Cabinet agrees on Agriculture Minister's call to sack Land Fund board
The Cabinet on Wednesday accepted Agriculture Minister Petr Zgarba's proposal that Parliament dismiss the entire board of the powerful Czech Land Fund - the body responsible for the sale and management of state-owned land. The proposed sacking of the Land Fund board - of which Mr Zgarba is chairman - comes in reaction to outcry over the sale this summer to "speculators" of property now worth hundreds of times the asking price.
Peter Smith: Brian Kenety has been following developments and joins me now in the studio. Tell us a bit more about this land deal and why it was so controversial.
"In short, this summer, a number of people bought huge tracts of land on the cheap, and the scent of corruption is in the air. One deal involved land on the outskirts of Prague, in the district of Uhrineves, where shortly after the Czech Land Fund agreed on the sale, a change in the local zoning law went through - which allowed for the construction of a residential housing project - and suddenly, that land was worth literally nearly 400 times the sale price."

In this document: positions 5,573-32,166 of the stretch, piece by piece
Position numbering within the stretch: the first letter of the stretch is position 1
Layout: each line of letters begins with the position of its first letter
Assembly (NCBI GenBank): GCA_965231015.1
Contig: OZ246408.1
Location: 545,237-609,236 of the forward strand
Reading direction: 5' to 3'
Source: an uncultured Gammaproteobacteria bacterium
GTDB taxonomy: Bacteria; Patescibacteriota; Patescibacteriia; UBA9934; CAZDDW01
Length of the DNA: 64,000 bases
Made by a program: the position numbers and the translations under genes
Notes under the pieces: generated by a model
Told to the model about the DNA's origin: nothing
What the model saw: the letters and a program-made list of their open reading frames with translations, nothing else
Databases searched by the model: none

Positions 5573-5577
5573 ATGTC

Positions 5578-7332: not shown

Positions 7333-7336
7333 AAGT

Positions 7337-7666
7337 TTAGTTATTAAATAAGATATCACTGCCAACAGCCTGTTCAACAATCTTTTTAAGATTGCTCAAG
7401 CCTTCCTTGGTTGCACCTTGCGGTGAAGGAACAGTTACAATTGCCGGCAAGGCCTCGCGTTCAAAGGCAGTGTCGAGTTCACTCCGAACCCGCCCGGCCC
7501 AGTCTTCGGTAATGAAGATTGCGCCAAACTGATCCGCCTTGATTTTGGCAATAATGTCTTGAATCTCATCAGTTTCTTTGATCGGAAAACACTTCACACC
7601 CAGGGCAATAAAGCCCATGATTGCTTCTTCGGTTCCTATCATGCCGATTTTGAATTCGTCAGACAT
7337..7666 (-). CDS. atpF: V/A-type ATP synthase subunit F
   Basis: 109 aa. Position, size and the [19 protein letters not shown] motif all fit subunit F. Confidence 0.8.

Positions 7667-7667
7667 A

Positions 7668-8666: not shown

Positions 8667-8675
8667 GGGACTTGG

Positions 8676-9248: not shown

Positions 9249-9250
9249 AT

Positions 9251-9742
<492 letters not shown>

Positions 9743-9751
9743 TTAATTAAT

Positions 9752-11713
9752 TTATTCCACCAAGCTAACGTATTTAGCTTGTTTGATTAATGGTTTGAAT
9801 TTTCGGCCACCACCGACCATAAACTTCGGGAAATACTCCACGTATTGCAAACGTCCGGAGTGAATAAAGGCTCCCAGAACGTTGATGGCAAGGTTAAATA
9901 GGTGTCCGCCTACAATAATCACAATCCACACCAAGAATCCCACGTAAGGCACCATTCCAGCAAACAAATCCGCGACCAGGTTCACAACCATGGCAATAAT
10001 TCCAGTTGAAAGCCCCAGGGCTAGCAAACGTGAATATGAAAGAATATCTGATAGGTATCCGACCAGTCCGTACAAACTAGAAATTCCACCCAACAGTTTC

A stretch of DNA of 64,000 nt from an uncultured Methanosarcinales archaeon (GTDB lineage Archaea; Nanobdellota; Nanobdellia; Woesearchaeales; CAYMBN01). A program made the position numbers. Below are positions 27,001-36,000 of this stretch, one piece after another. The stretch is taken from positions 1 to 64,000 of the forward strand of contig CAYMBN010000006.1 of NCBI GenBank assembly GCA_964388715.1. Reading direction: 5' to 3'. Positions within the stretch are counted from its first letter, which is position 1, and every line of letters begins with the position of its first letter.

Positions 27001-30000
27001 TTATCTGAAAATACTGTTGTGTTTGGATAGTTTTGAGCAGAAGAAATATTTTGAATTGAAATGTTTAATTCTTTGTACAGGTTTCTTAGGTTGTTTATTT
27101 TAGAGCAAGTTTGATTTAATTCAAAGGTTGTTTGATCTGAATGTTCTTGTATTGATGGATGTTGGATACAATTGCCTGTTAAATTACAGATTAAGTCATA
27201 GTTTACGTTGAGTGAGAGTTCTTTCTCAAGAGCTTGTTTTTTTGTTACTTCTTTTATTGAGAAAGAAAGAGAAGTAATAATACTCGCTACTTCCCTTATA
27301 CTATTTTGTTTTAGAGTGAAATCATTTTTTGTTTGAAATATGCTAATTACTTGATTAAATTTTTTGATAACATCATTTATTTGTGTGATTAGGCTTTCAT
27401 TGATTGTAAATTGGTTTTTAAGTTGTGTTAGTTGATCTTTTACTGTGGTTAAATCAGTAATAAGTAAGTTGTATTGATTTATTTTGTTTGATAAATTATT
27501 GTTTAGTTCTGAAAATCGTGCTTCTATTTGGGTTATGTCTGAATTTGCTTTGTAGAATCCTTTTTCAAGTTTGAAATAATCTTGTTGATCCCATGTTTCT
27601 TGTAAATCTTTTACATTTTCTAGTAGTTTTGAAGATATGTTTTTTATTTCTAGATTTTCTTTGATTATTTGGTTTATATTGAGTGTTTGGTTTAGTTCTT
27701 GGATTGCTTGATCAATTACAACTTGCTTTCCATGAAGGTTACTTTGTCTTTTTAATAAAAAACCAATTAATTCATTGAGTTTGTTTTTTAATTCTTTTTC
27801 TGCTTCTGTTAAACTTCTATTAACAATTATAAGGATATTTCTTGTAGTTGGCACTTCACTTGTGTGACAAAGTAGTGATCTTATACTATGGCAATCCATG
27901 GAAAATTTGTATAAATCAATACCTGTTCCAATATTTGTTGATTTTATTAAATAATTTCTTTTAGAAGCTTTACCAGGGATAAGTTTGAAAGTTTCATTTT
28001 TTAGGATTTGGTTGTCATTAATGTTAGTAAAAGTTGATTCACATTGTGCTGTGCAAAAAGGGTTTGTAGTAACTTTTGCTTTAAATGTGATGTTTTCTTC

"Also, the board had made a decision to accept all outstanding restitution claims up to a certain date. This fact was not made public, but it appears that private buyers were aware of the decision and acted on that knowledge."
PS: So the implication is that, at best, the Czech Land Fund used very poor judgment, and at worst, may have passed on "inside information" as it were.
"Yes, and several board members and employees have already been given their walking papers, although not charged with any crime. But in fact it was an old friend of Agriculture Minister Petr Zgarba who obtained the largest parcel of land in the Uhrineves deal. The Czech Land Fund sold it for the equivalent of 160,000 US dollars. If sold today -- at the going market rate - it could easily fetch 50 million dollars."
"But the Civic Democrats also have to tread a bit softly-softly because one of their own, Martin Kocourek, who was meant to be a party regional election leader, has been tainted by the affair."
PS: Whatever the outcome in Parliament, I understand that an audit is underway at the Czech Land Fund.
"That's right. For starters, some the 170 or so deals agreed by the board this summer will come under intense scrutiny. But there are many other deals - such as the sale of land near the Ruzyne Prague International Airport, to an investment fund - that are set to get the same treatment. And the Mayor of Prague, Pavel Bem, himself a Civic Democrat, has asked the courts to prevent some sales from going through, so we can expect some high-profile legal battles in the near future."